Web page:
Autism and atypical development
Rare genetic syndromes associated with intellectual disability
Psychology, sleep and cognitive development
Autism and sensorimotor development
Focus of Our Research
The Atypical Development Research Theme is led by Dr. Sarah Cassidy.
We are a multi-disciplinary group of researchers cutting across a number of research themes, departments and research centres in the UK and internationally. Please click here to see a full list of staff and students in our group.
Our research aims to understand a variety of developmental conditions and rare genetic syndromes, to inform and evaluate effective interventions, and improve quality of life for these individuals and their families. Most research into developmental conditions have focused on childhood. However, we adopt a lifespan approach, researching atypical development from early childhood through to adulthood. To this end, our research addresses a number of under investigated areas.
One area explores outcomes of adults with Autism Spectrum Conditions (ASC) in terms of their quality of life, employment, occupational attainment, bullying, mental health and suicidality. We aim to develop new valid measures and interventions to better understand and improve outcomes in adults with ASC.
Another area of research explores social and emotional functioning in children and adults with rare genetic syndromes associated with intellectual disability (e.g. fragile X syndrome, Cornelia de Lange syndrome, Rubinstein-Taybi syndrome), and ASC.
A third area of research explores the effect of sleep quality on cognitive ability in children with Down’s syndrome, and typically developing children.
We collaborate closely with the Autism Research Centre, University of Cambridge, and the Cerebra Centre for Neurodevelopmental Disorders, University of Birmingham, on a number of projects.
- David Walker, PhD Studentship, Centre for Research in Psychology, Behaviour and Achievement; “Emotion Processing in Autism Spectrum Conditions.”
- Lisanne Van-Dongen, MSc Mental Health, Maastricht University, Netherlands, and Centre for Psychology, Behaviour and Achievement, Coventry University, UK. “Suicidality in Autism Spectrum Conditions”.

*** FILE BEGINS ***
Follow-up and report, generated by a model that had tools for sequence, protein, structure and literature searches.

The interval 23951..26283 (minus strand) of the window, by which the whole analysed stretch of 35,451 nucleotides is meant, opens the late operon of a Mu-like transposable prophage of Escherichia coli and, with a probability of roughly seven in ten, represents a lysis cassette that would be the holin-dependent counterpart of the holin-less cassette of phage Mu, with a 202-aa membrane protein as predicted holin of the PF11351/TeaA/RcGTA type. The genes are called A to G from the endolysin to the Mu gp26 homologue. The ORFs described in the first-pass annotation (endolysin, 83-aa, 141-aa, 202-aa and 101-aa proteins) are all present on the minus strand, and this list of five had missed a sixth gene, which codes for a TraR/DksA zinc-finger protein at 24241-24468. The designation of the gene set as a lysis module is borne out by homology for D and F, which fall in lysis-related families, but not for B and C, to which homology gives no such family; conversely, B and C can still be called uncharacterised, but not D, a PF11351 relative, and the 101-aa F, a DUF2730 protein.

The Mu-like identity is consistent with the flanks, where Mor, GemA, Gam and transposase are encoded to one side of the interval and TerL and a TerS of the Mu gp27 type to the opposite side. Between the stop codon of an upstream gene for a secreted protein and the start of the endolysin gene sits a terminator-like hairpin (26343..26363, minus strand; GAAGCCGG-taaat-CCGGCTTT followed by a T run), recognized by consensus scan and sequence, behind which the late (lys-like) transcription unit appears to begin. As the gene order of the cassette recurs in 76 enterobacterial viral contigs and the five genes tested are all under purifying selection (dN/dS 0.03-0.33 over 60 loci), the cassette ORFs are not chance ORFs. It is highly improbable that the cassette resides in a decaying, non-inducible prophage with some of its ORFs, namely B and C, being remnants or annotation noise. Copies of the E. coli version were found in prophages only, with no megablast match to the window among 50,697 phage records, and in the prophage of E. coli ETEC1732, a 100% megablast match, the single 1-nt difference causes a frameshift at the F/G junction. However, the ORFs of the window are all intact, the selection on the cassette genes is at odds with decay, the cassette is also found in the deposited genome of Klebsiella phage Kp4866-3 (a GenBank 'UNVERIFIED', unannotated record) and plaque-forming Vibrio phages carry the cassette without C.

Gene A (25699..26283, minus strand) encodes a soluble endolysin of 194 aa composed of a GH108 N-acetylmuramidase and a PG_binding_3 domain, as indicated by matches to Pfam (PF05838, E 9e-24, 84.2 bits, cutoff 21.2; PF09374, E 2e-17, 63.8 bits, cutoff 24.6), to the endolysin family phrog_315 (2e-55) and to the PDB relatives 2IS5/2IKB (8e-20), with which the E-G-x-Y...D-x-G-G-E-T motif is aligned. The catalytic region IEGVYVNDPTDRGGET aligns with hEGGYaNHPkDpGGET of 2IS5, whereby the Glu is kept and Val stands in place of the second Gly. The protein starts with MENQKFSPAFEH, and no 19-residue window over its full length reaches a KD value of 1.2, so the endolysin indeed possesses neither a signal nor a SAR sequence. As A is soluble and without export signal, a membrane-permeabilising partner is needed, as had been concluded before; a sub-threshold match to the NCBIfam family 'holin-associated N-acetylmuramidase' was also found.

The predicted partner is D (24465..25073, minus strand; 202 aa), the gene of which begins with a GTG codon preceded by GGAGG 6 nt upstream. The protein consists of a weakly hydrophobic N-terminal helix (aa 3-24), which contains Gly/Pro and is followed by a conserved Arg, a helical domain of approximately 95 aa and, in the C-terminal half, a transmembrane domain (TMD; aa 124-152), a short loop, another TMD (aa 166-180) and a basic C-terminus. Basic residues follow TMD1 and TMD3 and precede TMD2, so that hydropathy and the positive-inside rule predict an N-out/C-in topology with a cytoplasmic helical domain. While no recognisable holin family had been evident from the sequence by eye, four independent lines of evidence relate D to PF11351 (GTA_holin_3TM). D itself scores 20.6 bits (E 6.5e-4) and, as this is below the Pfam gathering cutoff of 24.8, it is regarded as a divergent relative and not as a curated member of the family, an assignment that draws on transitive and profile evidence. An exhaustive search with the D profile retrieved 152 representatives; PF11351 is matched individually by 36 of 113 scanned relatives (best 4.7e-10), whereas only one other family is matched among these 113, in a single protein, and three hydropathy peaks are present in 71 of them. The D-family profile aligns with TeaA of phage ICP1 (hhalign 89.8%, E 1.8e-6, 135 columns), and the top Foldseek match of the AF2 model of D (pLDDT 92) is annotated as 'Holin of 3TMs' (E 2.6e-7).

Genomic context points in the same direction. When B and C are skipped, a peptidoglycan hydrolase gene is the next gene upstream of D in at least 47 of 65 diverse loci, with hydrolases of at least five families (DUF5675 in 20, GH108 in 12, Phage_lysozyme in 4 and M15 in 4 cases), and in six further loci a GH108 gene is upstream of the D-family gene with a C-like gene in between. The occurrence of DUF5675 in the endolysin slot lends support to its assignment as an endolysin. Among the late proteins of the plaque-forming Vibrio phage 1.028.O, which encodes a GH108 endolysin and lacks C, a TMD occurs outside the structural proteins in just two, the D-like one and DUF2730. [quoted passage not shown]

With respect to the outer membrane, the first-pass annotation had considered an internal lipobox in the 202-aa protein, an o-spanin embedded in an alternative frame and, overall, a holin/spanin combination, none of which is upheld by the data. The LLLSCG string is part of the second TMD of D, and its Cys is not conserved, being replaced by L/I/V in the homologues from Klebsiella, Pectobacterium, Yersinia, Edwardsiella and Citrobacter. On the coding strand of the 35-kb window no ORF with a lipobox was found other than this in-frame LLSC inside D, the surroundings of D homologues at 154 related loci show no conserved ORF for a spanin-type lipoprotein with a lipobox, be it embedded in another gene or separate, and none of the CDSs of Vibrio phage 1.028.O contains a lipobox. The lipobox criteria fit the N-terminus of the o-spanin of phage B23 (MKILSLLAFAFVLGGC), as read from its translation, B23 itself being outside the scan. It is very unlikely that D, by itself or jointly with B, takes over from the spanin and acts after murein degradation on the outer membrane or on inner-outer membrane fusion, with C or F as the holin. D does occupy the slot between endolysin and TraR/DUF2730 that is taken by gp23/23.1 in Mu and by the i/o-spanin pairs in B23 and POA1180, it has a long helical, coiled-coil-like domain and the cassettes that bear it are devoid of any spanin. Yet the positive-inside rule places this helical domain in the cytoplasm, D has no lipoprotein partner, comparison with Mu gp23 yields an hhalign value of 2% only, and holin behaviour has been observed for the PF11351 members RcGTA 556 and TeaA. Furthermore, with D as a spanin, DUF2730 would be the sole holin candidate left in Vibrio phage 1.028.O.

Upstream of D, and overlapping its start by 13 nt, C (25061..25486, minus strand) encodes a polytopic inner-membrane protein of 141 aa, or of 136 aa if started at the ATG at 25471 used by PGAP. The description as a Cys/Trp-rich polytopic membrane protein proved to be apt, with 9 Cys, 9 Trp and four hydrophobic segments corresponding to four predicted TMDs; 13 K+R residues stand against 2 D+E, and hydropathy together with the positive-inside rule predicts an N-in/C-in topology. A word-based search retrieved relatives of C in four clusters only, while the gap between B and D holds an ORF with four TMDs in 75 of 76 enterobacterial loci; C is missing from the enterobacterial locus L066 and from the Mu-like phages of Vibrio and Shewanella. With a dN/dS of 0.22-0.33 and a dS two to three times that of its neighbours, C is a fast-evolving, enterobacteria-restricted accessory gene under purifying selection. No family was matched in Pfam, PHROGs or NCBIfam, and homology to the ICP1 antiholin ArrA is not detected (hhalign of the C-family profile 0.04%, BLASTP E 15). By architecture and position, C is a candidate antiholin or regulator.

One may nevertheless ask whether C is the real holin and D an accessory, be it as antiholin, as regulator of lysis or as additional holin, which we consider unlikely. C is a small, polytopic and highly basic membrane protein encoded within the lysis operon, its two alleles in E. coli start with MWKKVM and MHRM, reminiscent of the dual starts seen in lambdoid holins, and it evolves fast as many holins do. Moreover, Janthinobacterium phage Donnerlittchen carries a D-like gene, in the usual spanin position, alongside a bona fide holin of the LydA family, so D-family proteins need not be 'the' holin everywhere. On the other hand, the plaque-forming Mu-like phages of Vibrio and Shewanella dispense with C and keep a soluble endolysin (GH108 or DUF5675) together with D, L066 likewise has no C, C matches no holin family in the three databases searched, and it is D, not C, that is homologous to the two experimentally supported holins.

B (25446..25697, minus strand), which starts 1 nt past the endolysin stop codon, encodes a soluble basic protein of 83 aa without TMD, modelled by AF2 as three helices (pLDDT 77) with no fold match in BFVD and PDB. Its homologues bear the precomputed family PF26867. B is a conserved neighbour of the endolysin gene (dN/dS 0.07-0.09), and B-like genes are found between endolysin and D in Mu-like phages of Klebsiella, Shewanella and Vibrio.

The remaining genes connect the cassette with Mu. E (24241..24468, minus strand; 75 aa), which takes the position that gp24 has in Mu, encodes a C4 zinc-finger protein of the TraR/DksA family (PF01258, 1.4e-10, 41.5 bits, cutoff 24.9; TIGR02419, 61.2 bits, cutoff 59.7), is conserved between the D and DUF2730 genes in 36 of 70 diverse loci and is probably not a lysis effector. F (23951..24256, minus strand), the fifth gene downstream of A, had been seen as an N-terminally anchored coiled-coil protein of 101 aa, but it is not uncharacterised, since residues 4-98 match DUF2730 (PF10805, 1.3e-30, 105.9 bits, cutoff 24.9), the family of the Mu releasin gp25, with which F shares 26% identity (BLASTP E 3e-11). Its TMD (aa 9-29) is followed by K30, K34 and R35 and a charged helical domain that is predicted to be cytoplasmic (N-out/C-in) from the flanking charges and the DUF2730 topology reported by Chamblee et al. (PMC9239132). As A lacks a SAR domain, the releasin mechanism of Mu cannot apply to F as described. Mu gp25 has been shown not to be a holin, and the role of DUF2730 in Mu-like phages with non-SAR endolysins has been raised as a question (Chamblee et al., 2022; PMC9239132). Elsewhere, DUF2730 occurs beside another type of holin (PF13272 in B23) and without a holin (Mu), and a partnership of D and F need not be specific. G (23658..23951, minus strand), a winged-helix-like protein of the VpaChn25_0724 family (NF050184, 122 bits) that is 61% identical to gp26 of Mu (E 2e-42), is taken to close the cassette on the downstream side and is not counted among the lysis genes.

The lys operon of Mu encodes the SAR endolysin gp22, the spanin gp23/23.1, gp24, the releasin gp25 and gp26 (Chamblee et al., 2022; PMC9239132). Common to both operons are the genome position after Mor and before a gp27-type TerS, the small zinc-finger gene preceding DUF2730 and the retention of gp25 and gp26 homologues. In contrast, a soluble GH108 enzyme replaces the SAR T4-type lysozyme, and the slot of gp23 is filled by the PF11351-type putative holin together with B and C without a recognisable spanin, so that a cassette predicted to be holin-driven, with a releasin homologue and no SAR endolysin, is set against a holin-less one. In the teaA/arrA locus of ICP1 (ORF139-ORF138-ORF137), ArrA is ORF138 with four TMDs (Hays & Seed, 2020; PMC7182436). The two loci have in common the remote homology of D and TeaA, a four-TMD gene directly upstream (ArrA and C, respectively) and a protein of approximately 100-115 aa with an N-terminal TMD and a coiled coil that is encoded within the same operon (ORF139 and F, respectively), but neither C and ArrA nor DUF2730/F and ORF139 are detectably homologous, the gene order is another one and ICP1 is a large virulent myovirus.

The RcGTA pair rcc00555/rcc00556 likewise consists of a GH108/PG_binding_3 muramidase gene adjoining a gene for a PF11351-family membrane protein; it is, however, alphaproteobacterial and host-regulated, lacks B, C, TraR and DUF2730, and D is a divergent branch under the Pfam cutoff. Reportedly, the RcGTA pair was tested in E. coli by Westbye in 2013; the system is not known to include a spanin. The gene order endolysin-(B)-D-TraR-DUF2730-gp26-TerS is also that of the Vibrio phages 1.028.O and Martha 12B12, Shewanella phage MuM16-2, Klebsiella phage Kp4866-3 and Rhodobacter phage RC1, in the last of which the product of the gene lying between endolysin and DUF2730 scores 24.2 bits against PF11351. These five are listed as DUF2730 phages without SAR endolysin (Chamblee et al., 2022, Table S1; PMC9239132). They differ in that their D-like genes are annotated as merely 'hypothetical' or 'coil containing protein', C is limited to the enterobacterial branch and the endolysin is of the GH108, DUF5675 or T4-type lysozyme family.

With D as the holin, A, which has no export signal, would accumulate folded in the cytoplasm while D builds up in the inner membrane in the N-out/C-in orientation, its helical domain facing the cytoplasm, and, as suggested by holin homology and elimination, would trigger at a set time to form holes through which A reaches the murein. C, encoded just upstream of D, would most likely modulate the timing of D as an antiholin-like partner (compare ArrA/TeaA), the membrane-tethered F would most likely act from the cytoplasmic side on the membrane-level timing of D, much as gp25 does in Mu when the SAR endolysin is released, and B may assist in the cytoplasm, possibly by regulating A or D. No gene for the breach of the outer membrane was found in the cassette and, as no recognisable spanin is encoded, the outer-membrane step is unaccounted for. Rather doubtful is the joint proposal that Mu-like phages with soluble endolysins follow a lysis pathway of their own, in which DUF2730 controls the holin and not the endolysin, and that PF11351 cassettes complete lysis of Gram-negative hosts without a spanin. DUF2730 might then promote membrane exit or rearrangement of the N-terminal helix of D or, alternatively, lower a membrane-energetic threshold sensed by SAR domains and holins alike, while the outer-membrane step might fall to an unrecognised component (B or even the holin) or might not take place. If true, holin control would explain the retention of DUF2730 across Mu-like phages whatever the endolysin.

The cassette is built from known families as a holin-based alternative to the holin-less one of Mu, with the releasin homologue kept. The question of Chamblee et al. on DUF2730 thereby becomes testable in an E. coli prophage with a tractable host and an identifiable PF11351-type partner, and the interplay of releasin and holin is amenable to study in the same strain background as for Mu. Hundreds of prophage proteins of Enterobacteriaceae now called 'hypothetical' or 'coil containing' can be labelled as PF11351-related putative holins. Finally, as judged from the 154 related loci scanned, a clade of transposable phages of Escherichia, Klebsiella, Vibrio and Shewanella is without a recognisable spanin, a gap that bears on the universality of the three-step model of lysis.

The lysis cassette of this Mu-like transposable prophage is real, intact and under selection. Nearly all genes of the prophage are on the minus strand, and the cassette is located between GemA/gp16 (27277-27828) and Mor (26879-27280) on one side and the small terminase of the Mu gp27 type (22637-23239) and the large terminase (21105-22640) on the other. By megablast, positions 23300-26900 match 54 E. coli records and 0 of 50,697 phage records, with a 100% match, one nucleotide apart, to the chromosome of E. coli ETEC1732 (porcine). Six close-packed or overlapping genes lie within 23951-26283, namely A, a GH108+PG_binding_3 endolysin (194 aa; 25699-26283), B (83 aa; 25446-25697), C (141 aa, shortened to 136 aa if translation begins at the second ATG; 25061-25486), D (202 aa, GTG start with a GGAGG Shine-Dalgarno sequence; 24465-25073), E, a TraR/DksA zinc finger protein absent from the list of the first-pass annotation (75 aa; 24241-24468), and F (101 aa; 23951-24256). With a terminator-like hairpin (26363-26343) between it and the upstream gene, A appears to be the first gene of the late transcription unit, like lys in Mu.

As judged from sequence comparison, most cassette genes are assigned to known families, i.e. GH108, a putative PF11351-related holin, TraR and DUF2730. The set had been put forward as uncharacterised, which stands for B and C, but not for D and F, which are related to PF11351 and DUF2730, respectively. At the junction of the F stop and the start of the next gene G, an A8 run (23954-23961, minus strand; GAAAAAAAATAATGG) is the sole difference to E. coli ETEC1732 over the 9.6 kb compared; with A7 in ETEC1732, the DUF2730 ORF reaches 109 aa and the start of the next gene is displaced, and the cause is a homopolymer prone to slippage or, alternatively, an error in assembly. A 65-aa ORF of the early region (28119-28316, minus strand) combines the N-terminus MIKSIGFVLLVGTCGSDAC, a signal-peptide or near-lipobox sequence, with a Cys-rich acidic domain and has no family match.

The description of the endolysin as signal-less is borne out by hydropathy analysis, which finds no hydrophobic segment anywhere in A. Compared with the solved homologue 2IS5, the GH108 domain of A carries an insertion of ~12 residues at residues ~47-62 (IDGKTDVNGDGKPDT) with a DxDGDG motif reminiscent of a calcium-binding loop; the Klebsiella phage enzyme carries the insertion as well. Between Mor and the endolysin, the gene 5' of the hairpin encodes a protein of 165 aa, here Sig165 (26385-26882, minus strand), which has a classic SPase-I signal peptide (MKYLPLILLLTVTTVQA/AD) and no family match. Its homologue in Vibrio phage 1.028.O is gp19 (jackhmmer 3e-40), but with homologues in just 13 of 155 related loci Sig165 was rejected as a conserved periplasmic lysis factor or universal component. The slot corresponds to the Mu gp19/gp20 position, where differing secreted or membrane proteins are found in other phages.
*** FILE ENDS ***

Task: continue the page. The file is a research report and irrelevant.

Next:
The Flame’s Mindfulness and Personal Transformation
Four years ago, ‘The Flame’, Coventry’s Mindfulness, Holistic and Wellness centre launched a city wide initiative to introduce “right mindfulness” to the residents of Coventry and surrounding areas with an aim of helping address the increasing levels of mental health issues such as depression, anxiety and stress.
Coventry Young Researchers 2016
Coventry Young Researchers will run from the 1-5th Aug 2016, and is open to children aged between 6 to 12 years old. Children will take part in a wide range of psychology, brain and behavioural science experiments and activities, all of which are designed to help them learn about psychology in a way that is fun and engaging. They will also be helping the research group to learn more about the way that young people learn and think.
Hearing, Speech and Literacy
When children have difficulty making connections between spoken and written words this makes it hard to learn to read. Because of this, difficulties hearing and speaking can affect literacy.
Beyond Booked Up
The Centre for Research in Psychology, Behaviour and Achievement have been commissioned by the BookTrust to evaluate their initiative Beyond Booked Up: a suite of activities that aim to engage secondary school pupils in Year 7 and 8 with reading.